A few weeks ago I went to the market and found chive blossoms, and lots of small white fresh onions. I had a box of organic Arborio rice that needed to be used quickly. You see I love organic, but organics products have to be used quickly as they spoil easily due to the lack of preservatives and pesticides.
Everything was calling for risotto. So risotto it was.
My first taste of risotto was at culinary school. I have eaten all kinds of rice dishes before, but nothing like risotto. The closest rice recipe I had ever eaten was a soupy rice soup we had in the DR called “asopao”, this dish is the closer comparison I can make to risotto. The first time I made it in one of my classes, the result resembled more arroz con pollo, but my chef instructor was nice and went easy on criticizing my dish; moreover, I knew it was not good. So out of my first risotto disaster came the challenge of trying to make a better one. At first I had a problem with the al dente texture characteristic of this plate. I have always eaten rice, but was not used to eating rice which I thought then was uncooked. It was not until my last level at cooking school at the school restaurant that I truly learned how to make a good risotto. It was then when I fully understood the dynamic of this rice dish.
I learned that making risotto is not the same as cooking any other rice dish; risotto has texture, is has to have a bite or al dente feel in the middle of the rice grain. It has to be rich and creamery; this result is acquired by the addition of butter and parmesan cheese, by the technique used while adding the stock (one ladle at a time before adding more liquid) and by the beating given to the dish right after the heat is turned off. Yes a good beating, this is what gives risotto the creaminess for which it is known.
I love rice, but this risotto is much more. The rice is first cooked in olive oil with small white onions freshly picked from the market (I normally use shallots) the same week. The addition of garlic, mushrooms, wine, and pecorino cheese elevates this dish to a very special rice dish plate.
Since I have the beautiful chives blossoms, I ended up adding some of the green stems in and finished the risotto with the beautiful garlicky blossoms.
Also, I sautéed a few of the fresh onions, shishito and jalapeño peppers for more garnishing and tossed in a few calamatas olives.
To round up the dish throw in a fried egg and there you have it. The result, a rich Mushroom Risotto with sautéed Onions-Peppers and Fried egg that is rich, light and sustainable cooked. Enjoy it.
- 3 tablespoons extra-virgin olive oil, more to fry eggs
- 2-4 small fresh white onions or 2 large shallots, cut or diced small and evenly
- 2 cups Arborio rice
- 4 garlic cloves, minced
- ½ cup fresh chives, chopped
- 1 pound baby Bella mushrooms, cut or diced small and evenly
- ½ cup white wine
- 8 cups chicken or vegetable stock, kept hot in a separate pot
- ½ stick butter (4 tablespoons)
- 1/2 cups freshly grated Parmesan or Pecorino Reggiano, plus more for serving
- Chive blossoms, parsley, minced
- Fried egg, shishito and jalapeño peppers (sautéed)
- Calamatas olive (optional)
- Pecorino or parmesan cheese
First warm up the chicken or vegetable stock. In a small pot bring it to a boil and then remove from heat. Keep stock warm in a hot bath until needed. Or just heat extra stock and keep it warm on low heat while cooking the rice.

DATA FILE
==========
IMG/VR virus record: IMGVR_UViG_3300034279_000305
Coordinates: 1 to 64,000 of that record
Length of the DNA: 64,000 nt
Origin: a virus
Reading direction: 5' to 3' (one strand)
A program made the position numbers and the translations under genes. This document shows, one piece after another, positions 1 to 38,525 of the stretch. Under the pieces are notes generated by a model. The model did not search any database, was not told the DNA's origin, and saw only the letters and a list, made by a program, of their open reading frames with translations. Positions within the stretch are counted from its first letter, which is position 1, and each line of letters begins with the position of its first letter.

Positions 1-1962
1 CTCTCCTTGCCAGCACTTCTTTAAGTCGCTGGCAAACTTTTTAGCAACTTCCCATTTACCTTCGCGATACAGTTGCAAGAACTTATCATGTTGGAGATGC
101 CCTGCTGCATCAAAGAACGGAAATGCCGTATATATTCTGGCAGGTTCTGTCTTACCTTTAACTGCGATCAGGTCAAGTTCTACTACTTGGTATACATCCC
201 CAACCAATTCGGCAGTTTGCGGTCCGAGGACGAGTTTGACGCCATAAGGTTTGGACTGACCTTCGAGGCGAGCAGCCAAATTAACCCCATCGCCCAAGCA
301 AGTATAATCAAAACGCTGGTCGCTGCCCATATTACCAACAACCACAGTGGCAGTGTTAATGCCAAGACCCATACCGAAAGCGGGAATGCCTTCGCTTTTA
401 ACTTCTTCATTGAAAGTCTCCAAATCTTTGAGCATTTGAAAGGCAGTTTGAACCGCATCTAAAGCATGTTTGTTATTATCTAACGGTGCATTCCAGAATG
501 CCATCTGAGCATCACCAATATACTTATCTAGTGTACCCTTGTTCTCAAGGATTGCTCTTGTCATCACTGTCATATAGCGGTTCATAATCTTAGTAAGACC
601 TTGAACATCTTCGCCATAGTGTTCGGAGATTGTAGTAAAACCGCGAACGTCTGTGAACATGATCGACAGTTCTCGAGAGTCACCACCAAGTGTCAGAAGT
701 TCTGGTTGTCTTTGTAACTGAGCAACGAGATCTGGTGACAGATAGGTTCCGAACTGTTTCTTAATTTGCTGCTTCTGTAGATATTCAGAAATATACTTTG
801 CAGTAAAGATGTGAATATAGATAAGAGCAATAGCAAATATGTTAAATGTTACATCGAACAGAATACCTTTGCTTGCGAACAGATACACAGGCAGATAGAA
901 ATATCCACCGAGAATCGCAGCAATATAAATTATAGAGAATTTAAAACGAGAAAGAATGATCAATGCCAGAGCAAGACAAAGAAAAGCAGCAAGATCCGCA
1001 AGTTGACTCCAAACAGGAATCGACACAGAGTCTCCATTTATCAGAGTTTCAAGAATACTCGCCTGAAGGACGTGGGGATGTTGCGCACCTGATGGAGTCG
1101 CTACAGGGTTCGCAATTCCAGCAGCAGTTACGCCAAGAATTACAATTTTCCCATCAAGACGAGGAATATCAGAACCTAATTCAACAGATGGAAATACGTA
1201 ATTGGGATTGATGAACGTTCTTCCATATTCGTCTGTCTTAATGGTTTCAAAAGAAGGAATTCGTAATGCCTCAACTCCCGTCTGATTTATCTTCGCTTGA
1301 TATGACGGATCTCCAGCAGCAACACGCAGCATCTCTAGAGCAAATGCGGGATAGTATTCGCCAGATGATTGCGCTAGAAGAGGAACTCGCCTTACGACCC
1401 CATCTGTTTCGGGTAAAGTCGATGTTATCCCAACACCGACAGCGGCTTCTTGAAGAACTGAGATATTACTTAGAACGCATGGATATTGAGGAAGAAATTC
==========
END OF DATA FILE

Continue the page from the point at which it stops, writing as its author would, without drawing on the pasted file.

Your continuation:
In a large skillet heat the olive oil over medium heat. Add the onions and cook until they are soft and translucent. Once the onions are soft or caramelized add the rice and stir well until rice is coated with the oil (to stir the rice a wooden spoon is recommended).
Cook for about 5 minutes stirring it occasionally. Add the garlic, mushrooms and chives and cook for about 4 minutes more being careful not to burn it. Season the rice with salt and black pepper. Add the white wine and stir to mix. With a ladle add enough stock to cover the rice stirring while adding it. Continue stirring until all the stock is absorbed. Continue adding the stock a ladle at a time. Wait until all the liquid is absorbed before adding the next ladle of stock. Continue adding the stock to the risotto until rice is tender and creamy (rice has to have a bite in the center).
Turn off heat; now stir in the butter and cheese and stir vigorously until it is well mixed; Season with more salt and pepper if needed.
Serve with the fried egg, chives blossoms and extra parmesan or pecorino cheese.
To fry the eggs:
To fry the egg just add some olive oil to a small skillet and add the egg. Allow the egg white edges to crisp then turn over the egg and immediately turn off the heat.
To sautéed the peppers and onions:
Rinse them in cold water and place in a greased skillet. Season them with salt and black pepper and cook in medium heat until tender; add a few drops of olive oil if needed and be aware of not burning them.
Risotto cannot be rushed and forgotten. You don’t have to stir it constantly, but you have to stir it and once liquid is added you have to wait for the liquid to be absorbed before adding more. The secret to the creaminess and the al dente feel comes with the addition of the stock. So patience is needed at the time of adding the stock. Risotto tenderness is what makes a risotto so even if you don’t like food cook al dente the rice has to have at least a little bit of that al dente mouth feel. And it has to be creamy. So butter and cheese are not negotiable, a good risotto needs both to be good. Risotto absorbs liquid quickly so serve it immediately.
This post is also available in: Spanish